If I were a Small Hotel Owner: Part 1 - Forecasting

I would immediately move to the largest, most comfortable room and enjoy cosmos by the poolside all day long. That's why I am not one - and never should be. I am however good at predicting future trends (blame it on my generational cohort), especially when it comes to financial forecasting (blame it on my insatiable appreciation for money). So I would like to tell you a bit about the backbone of hotel finance: forecasting.

When I was part of a large revenue management family, I couldn't help but notice that forecasting felt like the most agonising time for many of my friends in the industry. I even knew of revenue directors, who would put up signs on their closed doors that read:

"Forecasting. Don't Even!"

I never understood why. For me it was the most fun part of the job. However, it was never to be taken lightly, especially when one is expected to guesstimate as to how much revenue the hotel would make for the current month, the next month and so on and so forth. "Current + 30-60-90” being a typical forecasting format.

Imagine you're sitting in your stuffy office under the white fluorescent lights with January winds freezing people's souls outside and you have to work out how many people will be enjoying the sweet, Spring sunshine on the last weekend of April. The necessity to work out where they will come from, how long they will want to stay for and exactly how much they will be willing to spend for their stay.

Pretty tricky job for some. I say nonsense! Firstly, let's set the record straight once and for all: forecasting is not a science, it's really an under-appreciated art form. Secondly, not all artists can forecast, especially if they haven't mastered Excel. So what tools are out there to help increase forecasting accuracy? Well, good music for starters. IT departments that allow for occasional sneaking in of Spotify have no idea how much they're contributing to the bottom line.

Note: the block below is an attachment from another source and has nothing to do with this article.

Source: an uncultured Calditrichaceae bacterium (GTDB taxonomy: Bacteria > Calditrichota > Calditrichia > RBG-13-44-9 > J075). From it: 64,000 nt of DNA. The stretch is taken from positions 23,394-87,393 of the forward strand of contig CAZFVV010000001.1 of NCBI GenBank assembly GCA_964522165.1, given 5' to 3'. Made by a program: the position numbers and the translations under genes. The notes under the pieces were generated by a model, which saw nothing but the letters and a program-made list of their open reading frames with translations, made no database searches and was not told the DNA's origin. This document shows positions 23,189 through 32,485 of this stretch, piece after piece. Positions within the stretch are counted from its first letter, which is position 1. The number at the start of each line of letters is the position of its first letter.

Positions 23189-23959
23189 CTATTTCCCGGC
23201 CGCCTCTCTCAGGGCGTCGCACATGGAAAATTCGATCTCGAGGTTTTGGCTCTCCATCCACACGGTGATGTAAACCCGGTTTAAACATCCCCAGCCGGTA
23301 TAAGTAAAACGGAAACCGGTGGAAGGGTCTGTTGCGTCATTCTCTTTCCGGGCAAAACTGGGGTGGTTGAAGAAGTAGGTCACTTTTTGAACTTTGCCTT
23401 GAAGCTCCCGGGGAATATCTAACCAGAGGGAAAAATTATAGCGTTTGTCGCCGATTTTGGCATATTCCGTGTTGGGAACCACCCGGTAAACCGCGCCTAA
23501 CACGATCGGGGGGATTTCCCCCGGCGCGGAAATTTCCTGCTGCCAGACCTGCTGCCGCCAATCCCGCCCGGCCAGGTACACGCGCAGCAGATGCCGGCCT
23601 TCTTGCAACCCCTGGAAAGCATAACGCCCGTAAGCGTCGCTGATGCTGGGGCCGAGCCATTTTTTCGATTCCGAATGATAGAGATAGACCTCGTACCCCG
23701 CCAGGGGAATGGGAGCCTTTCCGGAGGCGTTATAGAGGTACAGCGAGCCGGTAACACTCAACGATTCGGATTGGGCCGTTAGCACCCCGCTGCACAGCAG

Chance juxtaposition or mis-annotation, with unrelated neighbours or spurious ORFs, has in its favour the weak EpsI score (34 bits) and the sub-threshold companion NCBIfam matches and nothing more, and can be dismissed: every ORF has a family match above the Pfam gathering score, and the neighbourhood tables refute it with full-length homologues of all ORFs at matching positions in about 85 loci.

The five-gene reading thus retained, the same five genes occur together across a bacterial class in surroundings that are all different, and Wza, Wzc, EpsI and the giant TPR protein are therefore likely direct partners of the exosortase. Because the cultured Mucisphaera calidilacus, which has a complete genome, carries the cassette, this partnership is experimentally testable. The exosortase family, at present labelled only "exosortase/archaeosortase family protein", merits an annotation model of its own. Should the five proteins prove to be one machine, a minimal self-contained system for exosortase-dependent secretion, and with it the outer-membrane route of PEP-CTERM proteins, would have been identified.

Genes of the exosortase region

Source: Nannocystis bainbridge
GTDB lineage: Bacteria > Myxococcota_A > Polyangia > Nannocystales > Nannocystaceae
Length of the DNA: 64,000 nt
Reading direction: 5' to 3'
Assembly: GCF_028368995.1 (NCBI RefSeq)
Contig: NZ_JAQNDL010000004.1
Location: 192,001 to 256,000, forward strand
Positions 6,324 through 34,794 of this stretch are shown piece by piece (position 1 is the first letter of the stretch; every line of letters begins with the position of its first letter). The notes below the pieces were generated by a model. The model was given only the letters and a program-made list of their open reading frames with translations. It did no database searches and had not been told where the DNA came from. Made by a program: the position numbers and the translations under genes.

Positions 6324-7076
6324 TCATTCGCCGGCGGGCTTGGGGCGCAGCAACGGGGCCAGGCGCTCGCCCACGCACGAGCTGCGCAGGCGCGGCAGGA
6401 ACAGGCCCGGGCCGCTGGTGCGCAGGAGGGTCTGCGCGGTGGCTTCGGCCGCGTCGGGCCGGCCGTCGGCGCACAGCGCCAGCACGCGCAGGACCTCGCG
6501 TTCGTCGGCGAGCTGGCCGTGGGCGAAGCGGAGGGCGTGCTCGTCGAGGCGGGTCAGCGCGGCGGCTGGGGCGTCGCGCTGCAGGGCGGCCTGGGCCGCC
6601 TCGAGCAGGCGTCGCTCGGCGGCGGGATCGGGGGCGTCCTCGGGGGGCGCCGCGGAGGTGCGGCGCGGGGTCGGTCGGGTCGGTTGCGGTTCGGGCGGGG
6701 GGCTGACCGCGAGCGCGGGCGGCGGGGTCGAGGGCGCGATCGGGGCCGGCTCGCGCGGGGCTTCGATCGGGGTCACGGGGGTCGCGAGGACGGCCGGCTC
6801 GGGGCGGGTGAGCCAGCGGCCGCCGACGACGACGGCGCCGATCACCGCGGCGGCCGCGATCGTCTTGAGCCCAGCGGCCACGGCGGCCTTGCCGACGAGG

BTTF Forecasting Revenue

Once the optimal environment for maximising concentration is created, it's time to maximise revenues. Your most valuable weapon in this game can only come from the past and no Dr. Emmett Brown knows whether you will or will not sell out in the future, but your historical data does. Since hospitality is a highly cyclical business, hoteliers can tell a lot about how their hotels will perform in the future - both near and far - simply by looking back at what happened in the past. "History repeats itself" has never been truer for any other industry. Combine your past performance with current events in your area, and the world economy in general, and voila you will have a pretty accurate representation of what is about to happen. Try to visualise how empowered and authoritative fortune tellers are portrayed in movies despite their crazy looks:

"You will mother two babies! One of them will be a deaf pianist."

"I am sixty years old and a man..."

"Shut up! You will because I said so!"